As to the baptism of Saul at Damascus, Acts 9:18, the following: 1) How does this qualify as baptism on the mission field? From every indication in the chapter, it is evident that the church was already in Damascus. There was a publicly known group of disciples in the city—whom Saul originally intended to persecute, and with whom Saul stayed certain days while in Damascus. Ananias was one of them and was directly commissioned by the Lord to baptize Saul. 2) Surely, no one would question whether Saul was joined to the church through his very baptism. 3) There was no missionary labor in any ordinary sense of the word at all in the conversion of Saul. It was the Lord Jesus Himself Who turned Saul miraculously on his way to Damascus. And at the end of the process, Ananias very briefly conveys the message, heals Saul, and immediately baptizes him.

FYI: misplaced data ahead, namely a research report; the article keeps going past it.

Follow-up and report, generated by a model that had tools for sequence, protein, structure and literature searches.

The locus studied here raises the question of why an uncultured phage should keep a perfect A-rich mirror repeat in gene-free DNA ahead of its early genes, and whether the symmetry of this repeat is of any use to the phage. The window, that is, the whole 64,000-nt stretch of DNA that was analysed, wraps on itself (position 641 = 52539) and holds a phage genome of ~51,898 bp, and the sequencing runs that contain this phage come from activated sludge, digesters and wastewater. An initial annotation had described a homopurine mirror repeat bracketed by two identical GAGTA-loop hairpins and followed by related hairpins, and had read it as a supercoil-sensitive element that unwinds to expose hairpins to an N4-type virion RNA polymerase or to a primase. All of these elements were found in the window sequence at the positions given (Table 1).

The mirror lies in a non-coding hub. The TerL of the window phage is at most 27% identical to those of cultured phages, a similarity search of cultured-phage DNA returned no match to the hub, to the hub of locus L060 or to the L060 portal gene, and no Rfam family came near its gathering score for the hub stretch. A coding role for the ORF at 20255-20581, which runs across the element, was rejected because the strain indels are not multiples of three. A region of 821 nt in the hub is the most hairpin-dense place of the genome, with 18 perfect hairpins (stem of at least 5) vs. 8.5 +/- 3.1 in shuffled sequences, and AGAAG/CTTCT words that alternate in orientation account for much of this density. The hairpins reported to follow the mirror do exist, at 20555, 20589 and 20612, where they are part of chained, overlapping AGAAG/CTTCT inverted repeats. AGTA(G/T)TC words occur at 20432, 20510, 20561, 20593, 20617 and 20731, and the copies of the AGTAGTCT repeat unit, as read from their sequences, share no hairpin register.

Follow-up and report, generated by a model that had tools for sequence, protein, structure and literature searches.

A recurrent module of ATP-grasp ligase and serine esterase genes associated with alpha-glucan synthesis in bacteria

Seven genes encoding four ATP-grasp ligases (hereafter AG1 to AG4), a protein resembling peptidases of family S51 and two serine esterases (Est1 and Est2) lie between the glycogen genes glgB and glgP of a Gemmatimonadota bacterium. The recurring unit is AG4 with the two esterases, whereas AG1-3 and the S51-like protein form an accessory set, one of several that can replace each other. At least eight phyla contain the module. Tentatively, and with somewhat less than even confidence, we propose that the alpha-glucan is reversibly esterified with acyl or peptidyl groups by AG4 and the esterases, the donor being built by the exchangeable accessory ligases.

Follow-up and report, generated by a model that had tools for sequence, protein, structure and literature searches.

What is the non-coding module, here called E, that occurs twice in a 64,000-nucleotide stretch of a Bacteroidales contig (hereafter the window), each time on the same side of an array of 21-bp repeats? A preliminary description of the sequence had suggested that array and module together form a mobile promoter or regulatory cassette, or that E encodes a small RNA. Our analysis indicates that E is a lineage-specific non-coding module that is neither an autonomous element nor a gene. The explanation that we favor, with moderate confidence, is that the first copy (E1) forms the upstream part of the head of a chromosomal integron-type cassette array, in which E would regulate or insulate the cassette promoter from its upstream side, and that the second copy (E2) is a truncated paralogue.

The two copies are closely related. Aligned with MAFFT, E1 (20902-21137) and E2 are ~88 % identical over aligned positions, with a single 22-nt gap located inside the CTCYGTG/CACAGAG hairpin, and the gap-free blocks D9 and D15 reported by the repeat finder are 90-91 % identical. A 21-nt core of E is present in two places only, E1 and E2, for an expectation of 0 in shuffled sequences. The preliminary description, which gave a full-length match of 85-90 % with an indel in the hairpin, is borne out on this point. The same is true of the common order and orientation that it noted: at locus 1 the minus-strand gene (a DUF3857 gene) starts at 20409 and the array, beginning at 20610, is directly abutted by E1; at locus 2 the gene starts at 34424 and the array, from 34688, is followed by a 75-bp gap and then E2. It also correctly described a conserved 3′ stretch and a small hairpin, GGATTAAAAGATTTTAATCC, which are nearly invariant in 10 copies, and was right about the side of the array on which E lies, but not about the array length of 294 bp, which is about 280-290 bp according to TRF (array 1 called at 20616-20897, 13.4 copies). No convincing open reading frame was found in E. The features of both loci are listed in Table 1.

In Acts 10 we find the remarkable narrative of Cornelius, and the Study Report refers to two verses, 47 and 48, which refer to the baptism of Cornelius and his household. But the Study Report does not show how this proves the point. It makes the factual statement, to which anyone will agree: “Acts 10:47, 48 teaches that Peter commanded Cornelius and his house to be baptized as soon as they believed and the Spirit was poured out on them.” But do not overlook the following facts: 1) Again, there was a remarkable chain of direct revelation by vision to Cornelius and to Peter lying behind this baptism. 2) There is absolutely no proof that there was not already a church in Caesarea, through Philip’s prior labor, Acts 8:40, and that Cornelius and his household were joined to that congregation. 3) What is of most significance however, is the fact that the missionary in this instance, Peter, had tangible evidence that, as our Form puts it, the Lord was making his work fruitful unto the gathering of the church in that place. What was that evidence? The remarkable fact that while Peter was busy speaking the Holy Ghost fell on all them that heard the Word. This again refers to the tangible, visible evidences of the Spirit. But remember that where the Spirit is poured out, there the church is; for the Spirit of Christ is given only to His church. Hence, the Lord was saying in effect: “Here in this Gentile household I am gathering My church.” Small wonder that Peter, then, commanded that they should be baptized.